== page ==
2007: The year of mobile TV

Providers are scrambling to let consumers take the boob tube to go - but are we willing to pay up for the privilege?

Michal Lev-Ram, Business 2.0 Magazine writer-reporter

(Business 2.0 Magazine) -- Will 2007 be the year American consumers can finally watch live football wherever and however they want? Judging by the onslaught of mobile TV-related announcements and demos (the majority of which made reference to the current football season) at this week's Consumer Electronics Show, the answer is a resounding "Yes."

But just how much will even the most hard-core football fans - or even just your average TV addict - be willing to pay to carry their content with them wherever they go?

One of the biggest CES announcements, made last Sunday, was that Verizon Wireless (Charts) would soon launch live, full-length television programming, including hits such as Fox's "24" and Comedy Central's "The Daily Show" on cell phones. Verizon's calling the service, powered by Qualcomm's MediaFLO technology, V Cast Mobile TV.

The company won't say just how much they will charge for the new offering, but subscribers to Verizon's current V Cast service, which offers access to videos and music, already pay $15 a month, on top of the price of a voice plan. And it's not clear just how much more they'd be willing to shell out.

"You've got a bit of a disconnect between the current pricing of these services and the fact that this is still an early phase in the market, and there is somewhat of an unwillingness to pay up on the consumers' end," says Linda Barrabee, an analyst with the Yankee Group. "The mobile market is still primarily about voice, then messaging."

According to Barrabee, an estimated 5.3 million wireless users - a mere 2.5 percent of total subscribers - currently subscribe to video services. Of course, that number will probably grow, but just how much will depend on what mobile TV services cost and how easy they are to use.

"It all comes down to form factor and price point," Barrabee says. "Unless it's easy for the consumer to use, mobile TV will continue to be an experience for early adopters only."

But companies like Verizon are hoping to reach far beyond the early adopters.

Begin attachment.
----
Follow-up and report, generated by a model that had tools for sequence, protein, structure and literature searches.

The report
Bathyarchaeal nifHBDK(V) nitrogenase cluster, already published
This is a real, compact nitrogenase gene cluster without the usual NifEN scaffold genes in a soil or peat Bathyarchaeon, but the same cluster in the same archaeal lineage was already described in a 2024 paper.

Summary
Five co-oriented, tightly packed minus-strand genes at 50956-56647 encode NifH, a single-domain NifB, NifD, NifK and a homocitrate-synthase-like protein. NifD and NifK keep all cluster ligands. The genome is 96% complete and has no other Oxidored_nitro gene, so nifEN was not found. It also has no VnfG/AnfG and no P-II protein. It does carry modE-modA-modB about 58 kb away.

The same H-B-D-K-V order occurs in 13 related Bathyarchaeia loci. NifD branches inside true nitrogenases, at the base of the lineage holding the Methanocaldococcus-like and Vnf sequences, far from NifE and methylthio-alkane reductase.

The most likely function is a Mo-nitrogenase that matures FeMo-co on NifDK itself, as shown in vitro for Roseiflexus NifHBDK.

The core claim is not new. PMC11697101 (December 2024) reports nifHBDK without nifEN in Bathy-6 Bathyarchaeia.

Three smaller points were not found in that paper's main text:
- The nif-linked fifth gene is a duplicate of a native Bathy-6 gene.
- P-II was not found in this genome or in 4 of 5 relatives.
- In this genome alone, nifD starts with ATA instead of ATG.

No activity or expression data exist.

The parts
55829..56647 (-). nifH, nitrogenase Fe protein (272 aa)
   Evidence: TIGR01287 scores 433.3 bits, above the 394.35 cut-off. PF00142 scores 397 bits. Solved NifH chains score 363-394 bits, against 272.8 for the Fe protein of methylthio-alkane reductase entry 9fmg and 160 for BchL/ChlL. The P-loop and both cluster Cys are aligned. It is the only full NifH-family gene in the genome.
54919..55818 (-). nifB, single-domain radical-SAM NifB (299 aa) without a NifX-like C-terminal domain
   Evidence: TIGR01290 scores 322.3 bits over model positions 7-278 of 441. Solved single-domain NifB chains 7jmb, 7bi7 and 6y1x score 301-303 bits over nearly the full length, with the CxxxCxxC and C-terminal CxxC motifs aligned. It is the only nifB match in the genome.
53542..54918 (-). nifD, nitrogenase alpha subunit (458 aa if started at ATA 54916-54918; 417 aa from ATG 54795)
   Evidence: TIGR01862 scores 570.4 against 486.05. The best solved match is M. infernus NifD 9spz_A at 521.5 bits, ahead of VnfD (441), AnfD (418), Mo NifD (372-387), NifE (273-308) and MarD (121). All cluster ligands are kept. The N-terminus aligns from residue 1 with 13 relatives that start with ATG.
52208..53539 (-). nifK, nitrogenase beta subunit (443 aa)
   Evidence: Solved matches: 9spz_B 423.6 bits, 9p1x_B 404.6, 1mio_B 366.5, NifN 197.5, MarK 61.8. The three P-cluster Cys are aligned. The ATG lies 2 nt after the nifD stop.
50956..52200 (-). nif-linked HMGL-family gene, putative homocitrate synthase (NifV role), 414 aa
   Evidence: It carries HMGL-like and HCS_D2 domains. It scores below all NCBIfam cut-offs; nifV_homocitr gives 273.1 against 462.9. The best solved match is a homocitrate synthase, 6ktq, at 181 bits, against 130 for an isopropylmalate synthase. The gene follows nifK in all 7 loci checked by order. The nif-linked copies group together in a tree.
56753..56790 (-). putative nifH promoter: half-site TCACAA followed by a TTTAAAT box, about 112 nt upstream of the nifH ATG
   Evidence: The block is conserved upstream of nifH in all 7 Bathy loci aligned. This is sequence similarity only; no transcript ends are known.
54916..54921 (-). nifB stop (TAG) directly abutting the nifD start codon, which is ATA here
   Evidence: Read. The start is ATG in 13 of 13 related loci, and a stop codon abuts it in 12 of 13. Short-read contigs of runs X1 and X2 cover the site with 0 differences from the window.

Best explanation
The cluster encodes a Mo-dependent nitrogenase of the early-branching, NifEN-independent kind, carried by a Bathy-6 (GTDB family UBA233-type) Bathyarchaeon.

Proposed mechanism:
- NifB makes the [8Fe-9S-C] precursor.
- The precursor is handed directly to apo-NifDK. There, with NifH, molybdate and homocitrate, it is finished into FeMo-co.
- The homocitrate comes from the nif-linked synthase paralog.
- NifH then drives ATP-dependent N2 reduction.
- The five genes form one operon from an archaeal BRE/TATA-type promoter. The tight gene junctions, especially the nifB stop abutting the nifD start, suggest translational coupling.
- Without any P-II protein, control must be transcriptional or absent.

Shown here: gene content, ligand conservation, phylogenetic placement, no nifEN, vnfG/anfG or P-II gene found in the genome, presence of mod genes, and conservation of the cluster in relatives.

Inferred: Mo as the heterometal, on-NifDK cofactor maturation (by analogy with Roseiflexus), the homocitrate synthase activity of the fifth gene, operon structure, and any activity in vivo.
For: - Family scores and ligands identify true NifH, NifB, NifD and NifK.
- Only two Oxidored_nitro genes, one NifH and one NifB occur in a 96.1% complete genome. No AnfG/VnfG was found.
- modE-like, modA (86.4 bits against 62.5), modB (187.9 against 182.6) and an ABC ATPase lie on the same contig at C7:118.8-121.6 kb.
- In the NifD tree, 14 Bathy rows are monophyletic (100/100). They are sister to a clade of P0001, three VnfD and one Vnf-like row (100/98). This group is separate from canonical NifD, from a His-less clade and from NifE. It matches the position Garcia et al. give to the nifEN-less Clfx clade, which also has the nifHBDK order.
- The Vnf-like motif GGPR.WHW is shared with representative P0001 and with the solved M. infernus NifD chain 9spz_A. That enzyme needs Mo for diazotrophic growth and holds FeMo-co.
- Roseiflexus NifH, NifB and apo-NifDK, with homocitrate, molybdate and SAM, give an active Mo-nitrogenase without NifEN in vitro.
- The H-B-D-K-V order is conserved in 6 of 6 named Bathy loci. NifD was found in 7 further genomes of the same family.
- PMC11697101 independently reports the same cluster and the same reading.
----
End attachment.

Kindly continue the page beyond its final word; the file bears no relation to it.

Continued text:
One way they may be able to do that, says Barrabee, is by letting subscribers test a service before they commit, and by offering them several ways to pay up.

Verizon's already done that by recently launching pay-by-the-day access to V Cast videos and music. The service costs just $3 a day, and users don't have to commit beyond a single day. This approach could work especially well with the youth market - the type of TV-loving, yet cost-conscious customers that V Cast Mobile TV is likely to attract.

Another way around the pricing problem is an ad-supported, or at least partially ad-funded, model. That could be what mobile television service provider MobiTV has in mind: Monday at CES, the Emeryville, Calif. based company announced it will soon add an interactive advertising component to its mobile television technology, which powers the mobile TV services for Sprint Nextel (Charts) and Cingular Wireless (Charts).

MobiTV will enable advertisers to send out promotional coupons, WAP-based surveys and contests, and deliver localized ads based on users' zip codes. The company says it currently has over one million paying users. And if advertisers start snapping up interactive ad space on MobiTV's service, that could provide Sprint and Cingular some additional revenues, lowering mobile TV subscription fees for users.

Samsung also jumped on the mobile TV bandwagon at CES, announcing on Sunday its new mobile television standard, dubbed A-VSB. The Korea-based company says that the new technology will enable local broadcasters to transmit a mobile digital TV signal on the same frequency they now use for standard broadcasting, meaning they won't have to buy up additional spectrum.

By transmitting the signal that way, consumers will be able to watch live, local broadcasting on any A-VSB compatible mobile devices (which Samsung intends to sell soon as the new standard is adopted), even while traveling at high speeds.

"You could say we're liberating the couch potato," said John Godfrey, vice president of government and public affairs at Samsung, moments after the company unveiled the new technology in Las Vegas.

But just how badly does the couch potato want to be liberated? And at what price?

In places like Korea, where Samsung is based and where mobile TV has already taken off, nearly 14 percent cell phones support Digital Mobile Broadcast television, according to ABI Research. That's a high number, compared to most other countries, except maybe Japan.

But ABI Research expects mobile TV will be someday be a cash cow globally as well. According to the firm's forecasts, there will be half a billion mobile video subscribers by 2011. What was a $50 million industry back in 2005 will be worth several hundred billion dollars by 2011. And ABI believes advertising revenues from broadcast mobile video will dwarf subscription revenues from these services.

If Korea is any example, then mobile TV just might become the booming business ABI Research projects it will be. After all, we are a nation of TV addicts. Top of page

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